this is what i learned from my mother-in-law who came over from london after WWII, so i would guess her method is very traditional working class method.

                        1. re: ritabwh

                          We never had Yorkshire pudding with jam in our house, but others do so it is traditional for some.

                          1. re: greedygirl

                            red currant jelly.

                            always hard to divy up beef drippings for gravy or yorkshire pudding.

                            dont forget horseradish for the beef.

                      2. Cooks Illustrated has a recipe that I've used with good success. If you use theirs, though, I recommend making the individual version rather than the whole roasting pan version.
                        As others have said, they're just a yummy popover, with hot roasting fat as something to pour the batter into.

                        1. If the question is really "Yorkshire pudding OR why don't I just eat lard?", I would say that Yorkshire pudding has a much nicer flavor and texture than lard alone. Personally, I don't find lard by itself very interesting as a side dish. A good Yorkshire pudding however, is a special treat for a special meal.

                          Okay, now to be serious.... the amount of fat in an individual Yorkshire pudding is about the same as a scone, croissant, slice of pie dough, and so many other things. If you can manage to eat those within your calorie intake, then I don't think Yorkshire pudding is gonna blow the belt. A well-made Yorkshire pudding is really delicious, and as others have said, wonderful with a Sunday roast dinner.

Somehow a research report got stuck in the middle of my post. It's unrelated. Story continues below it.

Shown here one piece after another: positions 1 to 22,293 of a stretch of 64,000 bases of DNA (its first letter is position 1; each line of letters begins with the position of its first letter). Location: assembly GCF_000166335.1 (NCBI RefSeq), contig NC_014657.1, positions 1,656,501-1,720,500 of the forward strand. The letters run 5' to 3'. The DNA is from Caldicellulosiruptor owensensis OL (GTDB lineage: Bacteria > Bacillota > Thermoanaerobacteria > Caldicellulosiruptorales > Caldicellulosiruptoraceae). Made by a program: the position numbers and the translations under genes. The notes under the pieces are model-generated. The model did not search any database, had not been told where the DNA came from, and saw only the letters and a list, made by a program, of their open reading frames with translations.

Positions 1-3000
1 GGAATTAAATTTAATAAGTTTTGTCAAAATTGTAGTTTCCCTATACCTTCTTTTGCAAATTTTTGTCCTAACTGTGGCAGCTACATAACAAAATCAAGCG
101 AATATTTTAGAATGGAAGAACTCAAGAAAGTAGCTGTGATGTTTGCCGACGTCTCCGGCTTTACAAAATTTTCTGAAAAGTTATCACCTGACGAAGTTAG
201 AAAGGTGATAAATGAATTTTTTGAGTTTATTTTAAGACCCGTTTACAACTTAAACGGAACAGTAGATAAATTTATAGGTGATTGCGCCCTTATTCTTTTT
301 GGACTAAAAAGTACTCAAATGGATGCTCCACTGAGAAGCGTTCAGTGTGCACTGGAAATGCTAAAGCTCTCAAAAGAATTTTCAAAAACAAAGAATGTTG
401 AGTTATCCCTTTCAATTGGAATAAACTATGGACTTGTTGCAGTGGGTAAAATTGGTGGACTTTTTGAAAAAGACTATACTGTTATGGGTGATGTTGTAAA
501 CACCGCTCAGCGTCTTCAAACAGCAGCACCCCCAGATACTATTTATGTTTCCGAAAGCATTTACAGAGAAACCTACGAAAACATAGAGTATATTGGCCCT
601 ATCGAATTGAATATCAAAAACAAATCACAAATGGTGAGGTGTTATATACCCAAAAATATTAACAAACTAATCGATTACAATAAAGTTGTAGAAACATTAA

1. Mr. S and I recently catered a British themed event - hot and cold finger food. One of the hot items was a two bite Roast Beef Dinner. Mini Yorkshire puddings (made in a mini muffin pan), filled the hole in the middle with a dollop of mashed potatoes and some thinly sliced roast beef. Squirt of gravy on top.

                            There were no leftovers.

                            1 Reply
                            1. re: Sooeygun

                              I did this with choux pastry instead of Yorkshire pudds for a tea. It was the first to go. I think everyone at the tea went back for seconds.

                              To answer the OP, definitely worth it. I only eat the beef to justify the Yorkshire puddings.